This week I spent a really interesting morning leading a workshop for Trinity College London and Music For Youth with a group of experienced music education sector folk to look at mentoring and feedback.
There were 2 specific aims of the session. To identify what the terms “inclusivity and diversity” mean in the context of assessment and feeedback and the second was about how our own musical identity and musical journey can influence how and what we feed back.
We started by taking it in turns to share the journey that had brought each of us to that room on that day. What came across was a very real drive to want to give young people similar musical opportunities and musical experiences to those that we had all been part of. Common themes and shared pathways emerged, and for some there were emotional moments as people recalled events or experiences along the way that had had a very memorable impact on them.
It seems that the ‘first access’ to music that all of us in the room had encountered that started us on our musical journey or pathway was one of the following:
- at primary school
- inspired by a musical family or family member
- as a result of music happening in the local community
The next step for most of us was to then become involved with the county music service in some way, usually to play as part of an ensemble. All of us had been teachers or composers or performers of music at some point in our careers.
For some, although it was primary music that hooked them in, secondary school music hadn’t been of particular relevance (not the case for me, but definitely a theme in discussion). It was at that point that the musical pathway seemed to divert to routes that existed outside of school.
Perhaps those of us who took part in that session are very much products of the music education focus, structures and values that were prevalent during the times that we came through the system. Perhaps we just followed clearly defined pathways that were laid out for those of us that happened to find ourselves on the first step no matter what it was that helped us to take that step.
I left the session wondering whether those same pathways to and through music education still exist. And if they don’t, whether we have been successful in replacing them with new ones. Should we be looking for musical pathways that accommodate new ways of learning, tools to help us to be creative, different ways of hearing and making music and a range of approaches embedded in structures that underpin a completely musical education?
All of this sits within a shifting educational landscape in the UK which threatens arts and cultural education in ways that I would have found it hard to imagine back in the days when the photograph at the top of this post was taken.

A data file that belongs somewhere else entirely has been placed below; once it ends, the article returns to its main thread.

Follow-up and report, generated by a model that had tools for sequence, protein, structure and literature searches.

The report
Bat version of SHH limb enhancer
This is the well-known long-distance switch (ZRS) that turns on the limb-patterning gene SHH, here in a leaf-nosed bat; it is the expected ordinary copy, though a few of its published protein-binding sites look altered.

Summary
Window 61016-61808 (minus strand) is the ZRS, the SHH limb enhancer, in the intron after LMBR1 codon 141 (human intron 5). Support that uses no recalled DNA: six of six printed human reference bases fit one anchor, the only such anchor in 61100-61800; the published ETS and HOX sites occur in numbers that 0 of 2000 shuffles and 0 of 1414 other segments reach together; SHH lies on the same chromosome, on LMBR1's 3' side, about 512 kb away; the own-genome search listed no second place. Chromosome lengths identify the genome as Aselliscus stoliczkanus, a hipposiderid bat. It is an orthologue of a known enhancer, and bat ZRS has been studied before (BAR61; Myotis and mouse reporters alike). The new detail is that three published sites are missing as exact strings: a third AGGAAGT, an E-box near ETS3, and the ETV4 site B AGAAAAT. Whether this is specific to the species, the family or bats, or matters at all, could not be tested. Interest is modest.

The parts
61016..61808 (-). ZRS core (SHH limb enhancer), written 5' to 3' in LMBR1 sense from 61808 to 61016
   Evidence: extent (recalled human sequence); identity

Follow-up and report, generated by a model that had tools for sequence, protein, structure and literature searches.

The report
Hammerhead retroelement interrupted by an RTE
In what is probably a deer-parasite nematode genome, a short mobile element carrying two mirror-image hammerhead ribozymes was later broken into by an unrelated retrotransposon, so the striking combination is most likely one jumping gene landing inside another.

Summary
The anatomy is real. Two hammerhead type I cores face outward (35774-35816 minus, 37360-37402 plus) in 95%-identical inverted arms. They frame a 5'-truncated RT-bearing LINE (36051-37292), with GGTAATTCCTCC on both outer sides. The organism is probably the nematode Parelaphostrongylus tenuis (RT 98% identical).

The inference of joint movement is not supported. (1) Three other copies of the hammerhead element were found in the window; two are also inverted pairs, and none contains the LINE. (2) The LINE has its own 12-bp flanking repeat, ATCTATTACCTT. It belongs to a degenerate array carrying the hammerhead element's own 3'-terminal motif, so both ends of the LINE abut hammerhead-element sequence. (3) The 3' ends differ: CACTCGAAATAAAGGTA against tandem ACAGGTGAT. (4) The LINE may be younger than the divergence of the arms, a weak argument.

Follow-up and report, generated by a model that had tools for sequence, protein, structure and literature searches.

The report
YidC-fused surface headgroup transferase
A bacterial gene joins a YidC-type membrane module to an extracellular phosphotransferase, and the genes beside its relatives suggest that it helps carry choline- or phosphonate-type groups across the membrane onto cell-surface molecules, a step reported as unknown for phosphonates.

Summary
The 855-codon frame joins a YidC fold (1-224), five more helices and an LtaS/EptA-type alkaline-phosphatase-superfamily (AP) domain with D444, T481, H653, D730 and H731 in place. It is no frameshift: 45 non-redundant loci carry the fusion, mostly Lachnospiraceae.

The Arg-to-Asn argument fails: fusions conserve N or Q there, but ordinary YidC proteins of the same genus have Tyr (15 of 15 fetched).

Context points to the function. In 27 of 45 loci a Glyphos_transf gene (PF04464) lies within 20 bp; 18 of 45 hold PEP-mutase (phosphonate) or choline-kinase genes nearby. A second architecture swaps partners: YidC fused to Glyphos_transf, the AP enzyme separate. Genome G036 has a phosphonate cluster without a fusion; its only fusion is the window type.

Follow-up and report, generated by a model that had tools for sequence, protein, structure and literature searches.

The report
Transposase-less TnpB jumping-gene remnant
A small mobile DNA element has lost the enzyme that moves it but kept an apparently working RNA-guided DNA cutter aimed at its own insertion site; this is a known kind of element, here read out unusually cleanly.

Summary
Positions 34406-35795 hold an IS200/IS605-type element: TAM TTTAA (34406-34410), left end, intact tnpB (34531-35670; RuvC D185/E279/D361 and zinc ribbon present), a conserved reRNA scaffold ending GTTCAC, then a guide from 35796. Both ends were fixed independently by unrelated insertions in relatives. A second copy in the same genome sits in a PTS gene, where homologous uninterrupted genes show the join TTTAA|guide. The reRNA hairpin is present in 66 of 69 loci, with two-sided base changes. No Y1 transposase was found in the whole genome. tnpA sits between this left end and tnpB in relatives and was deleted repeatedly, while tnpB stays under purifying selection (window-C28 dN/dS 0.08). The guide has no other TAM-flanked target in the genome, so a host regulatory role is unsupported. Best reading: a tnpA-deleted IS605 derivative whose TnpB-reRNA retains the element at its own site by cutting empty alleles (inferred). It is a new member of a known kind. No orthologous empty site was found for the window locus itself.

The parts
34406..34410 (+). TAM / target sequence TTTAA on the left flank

And so to part of my story.
When I was in Year 6 in my tiny village primary school where music was the life and soul of every day, we wrote, performed and recorded our own ‘Masque’, supported by our teachers.
All of the top classes were involved with the drama, words, lyrics, music, costumes, scenery and it occupied months of planning and creating and rehearsing and presenting (no SATs to prep for in those days!) until eventually we found out we had won a national competition to perform ours at the Royal Opera House in London. I played a recorder solo that my best friend had composed and that the whole class had devised words and a melody to fit with.
There was no question that after a primary school ‘first access’ musical experience that ended like that I would continue with music. I learned to play the clarinet (paid for by my parents), attended a music centre every week, I went to a secondary school with an incredible music department, symphony orchestra and concert band, I was part of the County ensembles and that pathway led me to a music degree and into music teaching and beyond. My musical pathway was clearly laid out (for me) in front of me and I followed it.
So my thinking this week has been about whether those pathways still exist and if so are they still the most relevant ones that can truly embrace inclusivity and diversity, whatever that means in the context of where and how we are working? If not then what might replace them? Is it time to refresh the old and embrace the new and if so, then how can we do that when the experience of so many now running the show was so much ‘of its time’?
My worry is that if we can’t find a shared vision and approach and set aside our own musical identities in order to embrace those of others to make this possible, then we risk the vibrancy and creativity and excitement of music making being lost to many.
I’ve very much enjoyed recent reading about the history and context of music education in the last 50 years, particularly the writings of John Finney, Gary Spruce, Neryl Jeanneret, Ruth Wright and others that add a huge amount of context to the every-day experiences I encounter when I am working with teachers and reflecting on my own experiences.
Life without music is meaningless, music without life is academic.